Sepsis is the leading cause of morbidity and mortality for critically ill patients, and the tenth leading cause of death overall.1 There are 660,000 to 750,000 cases of sepsis annually. Care of septic patients costs $17 billion in the United States per year ($22,000-$50,000 per patient).2 Sepsis is a continuum of physiologic stages characterized by infection, systemic inflammation, and hypoperfusion with widespread tissue injury. The American College of Chest Physicians and the Society of Critical Care Medicine developed definitions to utilize for sepsis (Table 25-1).3 Risk factors for sepsis include extremes of age, cancer, immunodeficiency, chronic organ failure, genetic factors (male, and non-white ethnic origin in North America), bacteremic patients, and polymorphisms in genes that regulate immunity. Pulmonary, gastrointestinal, genitourinary, and bloodstream infections account for the majority of sepsis cases.4
TABLE 25-1 American College of Chest Physicians/Society of Critical Care Medicine Definitions Related to Sepsis ||Download (.pdf)
TABLE 25-1 American College of Chest Physicians/Society of Critical Care Medicine Definitions Related to Sepsis
|Bacteremia (fungemia)||Presence of viable bacteria (fungi) within the bloodstream|
|Infection||Inflammatory response to invasion of normally sterile host tissue by the microorganisms|
|Systemic inflammatory response syndrome (SIRS)||Systemic inflammatory response to a variety of clinical insults that can be either infectious or noninfectious|
|Sepsis||SIRS secondary to an infection|
|Severe sepsis||Sepsis associated with organ dysfunction, hypoperfusion, or hypotension|
|Septic shock||Sepsis with persistent hypotension despite fluid resuscitation|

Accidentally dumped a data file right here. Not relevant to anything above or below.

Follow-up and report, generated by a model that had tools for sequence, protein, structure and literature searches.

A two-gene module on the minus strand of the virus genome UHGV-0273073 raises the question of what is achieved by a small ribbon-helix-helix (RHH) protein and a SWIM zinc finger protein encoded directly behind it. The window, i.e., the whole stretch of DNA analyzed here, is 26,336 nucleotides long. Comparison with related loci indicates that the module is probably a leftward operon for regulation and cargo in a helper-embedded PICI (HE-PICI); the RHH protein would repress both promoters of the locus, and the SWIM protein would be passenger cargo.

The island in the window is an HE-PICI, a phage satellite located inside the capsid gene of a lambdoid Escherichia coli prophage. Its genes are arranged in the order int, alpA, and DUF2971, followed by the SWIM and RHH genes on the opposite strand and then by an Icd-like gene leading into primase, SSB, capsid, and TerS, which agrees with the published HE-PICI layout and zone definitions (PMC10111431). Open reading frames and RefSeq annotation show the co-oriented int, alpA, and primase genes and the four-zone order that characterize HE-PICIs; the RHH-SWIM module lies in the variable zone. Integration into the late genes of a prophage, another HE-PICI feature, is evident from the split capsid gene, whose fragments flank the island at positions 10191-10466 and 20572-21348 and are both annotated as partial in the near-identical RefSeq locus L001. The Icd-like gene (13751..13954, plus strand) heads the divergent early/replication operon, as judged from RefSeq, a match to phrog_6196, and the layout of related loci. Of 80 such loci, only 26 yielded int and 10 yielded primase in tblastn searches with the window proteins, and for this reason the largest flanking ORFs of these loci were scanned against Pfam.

|Multiple-organ dysfunction syndrome (MODS)||Presence of altered organ function requiring intervention to maintain homeostasis|
Gram-positive and gram-negative bacteria, fungal species, and viruses cause sepsis. Gram-positive infections account for 30% to 50% of sepsis and septic shock cases. The percentages of gram-negative, polymicrobial, and viral sepsis cases are 25%, 25%, and 4%, respectively.4-7 Multidrug resistant bacteria are responsible for approximately 25% of sepsis cases, aredifficult to treat, and increase mortality. The rate of fungal sepsis increased 200% from 1979 to 2000.
The development of sepsis is complex and multifactorial.8,9 The normal host response to infection is designed to localize and control bacterial invasion and initiate repair of injured tissue through phagocytic cells and inflammatory mediators. The key factor in the development of sepsis is inflammation, which is intended to be a local and contained response to infection or injury. Infection or injury is controlled through pro- and anti-inflammatory mediators. Systemic responses ensue when equilibrium in the inflammatory process is lost.
The clinical presentation of sepsis varies and the rate of development of clinical manifestations may differ from patient to patient (see Tables 25-1 and 25-2 for definitions related to sepsis and the systemic inflammatory response syndrome criteria).3,...